Then, get this, he said, "I read your blog."


I blame you, Rob and Jeff.

I wish I remembered Mr. Alumni's name, but I was too busy worrying that he might ask me for money.

Tuesday, March 29, 2016

The Vermont Country Store Catalogue

Yesterday, a nurse at LDS Hospital looked at the name on my volunteer badge and said, "I read your blog."

"You do? Do I know you?"


"I haven't written a blog in three weeks."

"I know," she said.

So that was a heads up. Mostly, the reason is that my laptop gave up the ghost and I find I don't like to sit at a desk at the large computer.  I'd rather be lying on the sofa and writing on my laptop.  Is that an excuse?  Of course. My life has been filled with excuses; all of them valuable.

So, today the Vermont Country Store Catalogue arrived in the mail.  It was sent to a "Charlene" who used to live at this address.  Not the last person, because he was named "Abdul," and recently I found out that "Jason" also lived in this exact apartment.   Think of all those people we have shared a toilet seat with.  Makes me think I should order some Witch Hazel Salve for my rectal irritations. (There's also a product called Fire in the Hole).

"We've got a tonic for what ails you." Not everyone can promise that.

Moonbeam Meadow, a herbal formula that encourages restful sleep and relaxation.  Strength of the Hills aids digestion, relieves symptoms of arthritis and clears the sinuses! And there's Lung Flush especially good for athletes and folks with asthma, bronchitis, or upper respiratory infections. I can also buy homeopathic cataract drops and calm my tremors and shaking with a tincture blend of lemon balm, lavender and passionflower.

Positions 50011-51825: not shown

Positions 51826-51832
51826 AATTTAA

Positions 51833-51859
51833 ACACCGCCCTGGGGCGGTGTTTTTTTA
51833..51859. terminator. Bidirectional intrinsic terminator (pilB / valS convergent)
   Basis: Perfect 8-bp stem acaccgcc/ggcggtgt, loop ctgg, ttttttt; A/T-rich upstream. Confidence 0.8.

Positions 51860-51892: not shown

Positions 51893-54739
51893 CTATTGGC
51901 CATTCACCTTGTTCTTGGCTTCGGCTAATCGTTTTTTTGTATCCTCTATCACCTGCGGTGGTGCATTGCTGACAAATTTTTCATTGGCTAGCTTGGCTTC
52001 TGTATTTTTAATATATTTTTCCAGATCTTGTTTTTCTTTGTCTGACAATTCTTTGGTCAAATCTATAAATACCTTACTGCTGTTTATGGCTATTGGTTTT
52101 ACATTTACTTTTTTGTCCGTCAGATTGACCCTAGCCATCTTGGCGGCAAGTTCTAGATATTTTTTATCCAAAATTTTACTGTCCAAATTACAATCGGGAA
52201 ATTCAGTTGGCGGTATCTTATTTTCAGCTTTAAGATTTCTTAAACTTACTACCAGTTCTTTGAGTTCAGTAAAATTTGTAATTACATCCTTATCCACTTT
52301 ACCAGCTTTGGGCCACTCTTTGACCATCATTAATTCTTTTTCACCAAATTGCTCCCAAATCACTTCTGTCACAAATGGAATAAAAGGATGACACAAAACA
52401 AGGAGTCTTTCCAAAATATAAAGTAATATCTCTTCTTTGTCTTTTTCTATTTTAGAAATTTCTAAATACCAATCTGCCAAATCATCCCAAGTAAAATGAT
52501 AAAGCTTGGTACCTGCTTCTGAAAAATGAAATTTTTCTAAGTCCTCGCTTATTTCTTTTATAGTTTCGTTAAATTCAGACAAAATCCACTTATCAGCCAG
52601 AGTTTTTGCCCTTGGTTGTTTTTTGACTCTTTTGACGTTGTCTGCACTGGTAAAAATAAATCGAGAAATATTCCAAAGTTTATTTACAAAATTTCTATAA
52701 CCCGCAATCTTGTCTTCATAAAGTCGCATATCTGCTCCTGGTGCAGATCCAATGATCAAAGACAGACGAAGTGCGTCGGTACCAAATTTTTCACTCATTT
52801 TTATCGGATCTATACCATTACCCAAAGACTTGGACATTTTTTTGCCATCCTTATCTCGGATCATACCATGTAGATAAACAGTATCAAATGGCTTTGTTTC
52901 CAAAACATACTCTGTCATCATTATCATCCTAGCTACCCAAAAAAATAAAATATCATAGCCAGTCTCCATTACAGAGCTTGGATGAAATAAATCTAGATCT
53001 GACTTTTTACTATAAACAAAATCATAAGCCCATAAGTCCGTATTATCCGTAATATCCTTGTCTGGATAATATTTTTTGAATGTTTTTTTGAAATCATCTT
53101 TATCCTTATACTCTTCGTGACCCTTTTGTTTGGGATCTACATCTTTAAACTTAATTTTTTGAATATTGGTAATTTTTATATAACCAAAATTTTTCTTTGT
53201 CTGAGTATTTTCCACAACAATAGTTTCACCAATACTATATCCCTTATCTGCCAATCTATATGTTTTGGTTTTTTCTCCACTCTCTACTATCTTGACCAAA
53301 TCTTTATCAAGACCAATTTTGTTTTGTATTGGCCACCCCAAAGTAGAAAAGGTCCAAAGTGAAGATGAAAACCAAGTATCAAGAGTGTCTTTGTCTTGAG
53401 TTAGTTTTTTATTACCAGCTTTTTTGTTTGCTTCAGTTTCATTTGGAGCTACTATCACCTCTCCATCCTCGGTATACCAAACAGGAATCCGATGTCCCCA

There's a page dedicated to gel toe separators and hammertoe cushions and there is a" military strength" fungus treatment.

I like Vermont cotton nightgowns, but the dresses look like they're made for old people. All comfort and ugly.

Oh wait, I am an old person.

I'll never be THAT old.

Thursday, March 10, 2016

Tom's wheat project

We bought 800 pounds of wheat in 1967 in Cambridge, Massachusetts 02138. Tom bought tins and dry ice for proper storage for that soon-to-come apocalypse.   We moved all of it to Minneapolis in August of 1970 and then moved it again to Provo, Utah in 1985. We moved it to a storage unit and then back to our house. It's the most expensive wheat ever bought. (In some places in this world, there is an on-going apocalypse already).

We brought one tin to the apartment. It sat in our kitchen for awhile where Tom became aware of it and decided he would try sprouting the wheat. He went to YouTube for instructions. This is day four of changing the water and sifting the wheat, but nothing green has sprouted, although the wheat is swollen as if it could sprout any minute. It sits on the kitchen counter on a plate with a wet cloth over it.

I discussed this with the sisters at card night, and one of them said that if treated with dry ice, the wheat would not sprout.

I told Tom this when I returned.  He immediately googled wheat and dry ice. Someone, sounding quite authoritative said that dry ice does NOT keep the wheat from sprouting.

I just looked. No sprouts.

I want the wheat to sprout.

Will they sprout?

Remember that book by Ruth Krause, THE CARROT SEED, where a little boy plants a carrot seed and everyone says that it won't come up, but it does become a large carrot.

I don't want to be that person who says it will never come up.  I don't want to be that person.

But, honestly, I think I am that person.